New Year, Better You

Updated: Jan 4


As we enter the New Year, our thoughts move to changes we can make to improve our lives. Of course our resolutions often fail. We go large and often try to do too much at once, but small changes really can make a big difference. Since the second lockdown, I've read and listened to a lot of wellness tips, many of which I have taken on board and I thought I would share what I have learned. You don't have to try everything but consistency is key.


Try Something New

Research has found that if you want to keep your mind sharp and feel like you are thriving, it is important to try new things and to step out of your comfort zone. Did you know that being an amateur at something, failing often and trying again is better for your brain than being an expert? It knows it is still needed and more neural connections are made. When you master something, the brain doesn’t have to work so hard. So don’t worry if you find something hard to grasp…you brain will thank you for it.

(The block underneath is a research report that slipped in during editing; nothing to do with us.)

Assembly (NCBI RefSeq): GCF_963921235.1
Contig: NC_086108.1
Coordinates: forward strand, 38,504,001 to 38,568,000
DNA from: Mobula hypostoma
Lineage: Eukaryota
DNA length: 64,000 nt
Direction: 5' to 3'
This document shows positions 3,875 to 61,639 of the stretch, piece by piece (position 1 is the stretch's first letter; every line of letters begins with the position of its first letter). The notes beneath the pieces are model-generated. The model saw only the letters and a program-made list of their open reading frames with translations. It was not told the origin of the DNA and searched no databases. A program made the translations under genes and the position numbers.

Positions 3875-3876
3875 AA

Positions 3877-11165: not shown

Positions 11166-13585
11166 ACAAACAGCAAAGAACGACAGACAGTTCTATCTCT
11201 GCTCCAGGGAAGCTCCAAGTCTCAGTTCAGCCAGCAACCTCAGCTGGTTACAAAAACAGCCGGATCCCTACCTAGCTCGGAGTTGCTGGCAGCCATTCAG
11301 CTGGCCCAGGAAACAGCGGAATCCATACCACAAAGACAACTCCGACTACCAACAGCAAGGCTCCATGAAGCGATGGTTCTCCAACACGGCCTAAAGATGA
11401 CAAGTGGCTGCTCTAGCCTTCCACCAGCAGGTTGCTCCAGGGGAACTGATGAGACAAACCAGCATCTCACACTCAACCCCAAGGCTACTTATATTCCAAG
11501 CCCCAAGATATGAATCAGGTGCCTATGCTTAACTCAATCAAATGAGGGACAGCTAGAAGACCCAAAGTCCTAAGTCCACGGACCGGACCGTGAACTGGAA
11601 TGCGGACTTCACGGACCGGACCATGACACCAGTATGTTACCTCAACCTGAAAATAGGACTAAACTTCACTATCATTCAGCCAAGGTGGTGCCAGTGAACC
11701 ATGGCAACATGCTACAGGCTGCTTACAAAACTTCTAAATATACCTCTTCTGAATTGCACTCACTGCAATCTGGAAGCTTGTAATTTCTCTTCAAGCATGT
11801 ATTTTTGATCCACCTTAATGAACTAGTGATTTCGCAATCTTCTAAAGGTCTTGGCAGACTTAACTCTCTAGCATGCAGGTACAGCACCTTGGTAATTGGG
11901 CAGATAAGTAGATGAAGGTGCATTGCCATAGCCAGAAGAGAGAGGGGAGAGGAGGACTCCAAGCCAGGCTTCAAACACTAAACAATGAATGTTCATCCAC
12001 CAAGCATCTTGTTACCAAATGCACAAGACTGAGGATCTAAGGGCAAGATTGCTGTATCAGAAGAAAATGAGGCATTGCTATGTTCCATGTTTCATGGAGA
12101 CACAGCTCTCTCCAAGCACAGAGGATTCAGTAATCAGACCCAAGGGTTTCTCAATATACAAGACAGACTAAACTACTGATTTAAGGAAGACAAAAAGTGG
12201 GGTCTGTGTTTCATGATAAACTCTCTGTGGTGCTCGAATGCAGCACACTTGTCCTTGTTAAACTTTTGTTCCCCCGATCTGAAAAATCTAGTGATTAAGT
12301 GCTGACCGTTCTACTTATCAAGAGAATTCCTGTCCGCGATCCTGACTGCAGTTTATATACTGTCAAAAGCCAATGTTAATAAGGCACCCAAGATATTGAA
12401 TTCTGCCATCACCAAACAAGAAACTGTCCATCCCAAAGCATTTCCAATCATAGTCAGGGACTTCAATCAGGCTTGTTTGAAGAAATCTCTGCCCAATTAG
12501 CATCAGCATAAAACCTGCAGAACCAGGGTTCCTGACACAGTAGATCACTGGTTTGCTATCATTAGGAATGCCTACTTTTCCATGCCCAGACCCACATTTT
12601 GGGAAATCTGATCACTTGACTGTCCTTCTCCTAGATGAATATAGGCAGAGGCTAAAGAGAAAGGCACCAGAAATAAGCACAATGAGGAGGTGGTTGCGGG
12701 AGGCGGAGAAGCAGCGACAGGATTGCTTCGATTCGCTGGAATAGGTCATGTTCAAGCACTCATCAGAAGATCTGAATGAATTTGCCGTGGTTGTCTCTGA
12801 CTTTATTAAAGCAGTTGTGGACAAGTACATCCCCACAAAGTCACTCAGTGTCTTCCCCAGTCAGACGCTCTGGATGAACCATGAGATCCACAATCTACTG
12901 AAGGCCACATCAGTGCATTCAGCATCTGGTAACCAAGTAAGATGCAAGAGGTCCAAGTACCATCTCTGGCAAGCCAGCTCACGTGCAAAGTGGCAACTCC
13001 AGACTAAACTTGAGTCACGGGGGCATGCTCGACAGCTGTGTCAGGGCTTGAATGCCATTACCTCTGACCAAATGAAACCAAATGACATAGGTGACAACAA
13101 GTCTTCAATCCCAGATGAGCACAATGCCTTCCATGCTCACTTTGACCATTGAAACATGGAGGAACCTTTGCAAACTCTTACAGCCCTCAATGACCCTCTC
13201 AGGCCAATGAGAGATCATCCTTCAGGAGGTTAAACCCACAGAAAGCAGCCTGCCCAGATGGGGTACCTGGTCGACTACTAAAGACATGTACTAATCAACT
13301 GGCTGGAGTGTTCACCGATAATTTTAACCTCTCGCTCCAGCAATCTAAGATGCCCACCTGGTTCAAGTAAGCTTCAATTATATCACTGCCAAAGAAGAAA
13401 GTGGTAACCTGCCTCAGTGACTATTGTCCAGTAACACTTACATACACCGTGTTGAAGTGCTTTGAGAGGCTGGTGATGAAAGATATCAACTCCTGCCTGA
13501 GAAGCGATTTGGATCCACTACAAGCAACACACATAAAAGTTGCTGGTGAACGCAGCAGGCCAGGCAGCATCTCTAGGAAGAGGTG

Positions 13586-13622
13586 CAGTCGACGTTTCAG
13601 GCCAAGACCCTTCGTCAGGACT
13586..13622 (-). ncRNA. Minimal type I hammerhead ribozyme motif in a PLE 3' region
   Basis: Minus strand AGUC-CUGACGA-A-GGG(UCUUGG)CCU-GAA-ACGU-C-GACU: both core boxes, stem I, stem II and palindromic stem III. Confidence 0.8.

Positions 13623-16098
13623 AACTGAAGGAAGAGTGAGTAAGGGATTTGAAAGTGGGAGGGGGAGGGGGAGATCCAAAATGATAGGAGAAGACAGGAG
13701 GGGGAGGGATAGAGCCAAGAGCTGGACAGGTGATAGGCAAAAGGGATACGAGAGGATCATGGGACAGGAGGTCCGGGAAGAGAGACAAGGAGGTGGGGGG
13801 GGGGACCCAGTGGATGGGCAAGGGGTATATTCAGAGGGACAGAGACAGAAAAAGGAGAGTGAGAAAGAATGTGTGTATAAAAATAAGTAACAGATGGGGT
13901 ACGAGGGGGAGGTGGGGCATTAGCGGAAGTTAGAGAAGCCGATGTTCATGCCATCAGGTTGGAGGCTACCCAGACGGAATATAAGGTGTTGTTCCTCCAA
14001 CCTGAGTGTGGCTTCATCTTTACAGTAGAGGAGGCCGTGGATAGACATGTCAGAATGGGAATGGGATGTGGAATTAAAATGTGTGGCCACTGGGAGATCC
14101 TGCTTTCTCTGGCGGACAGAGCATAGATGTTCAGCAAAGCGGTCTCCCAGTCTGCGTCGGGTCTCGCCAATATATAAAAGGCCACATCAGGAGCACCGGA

Movement

Movement is so important for body and brain. It keeps us mobile, keeps our heart healthy and has been proven to prevent and alleviate depression in many cases. But exercise doesn’t have to be in a gym for an hour at a time. Did you know 10 minutes of moderate cardio exercise 4 times a week can make a dramatic difference to your health? I am a massive fan of a morning routine. I do 10 minutes of yoga stretching and a 10 minute workout every weekday morning using various videos on YouTube, but if you prefer to walk, dance, cycle or run, it all counts and you really do feel better afterwards, which puts you in a better mood for the day ahead.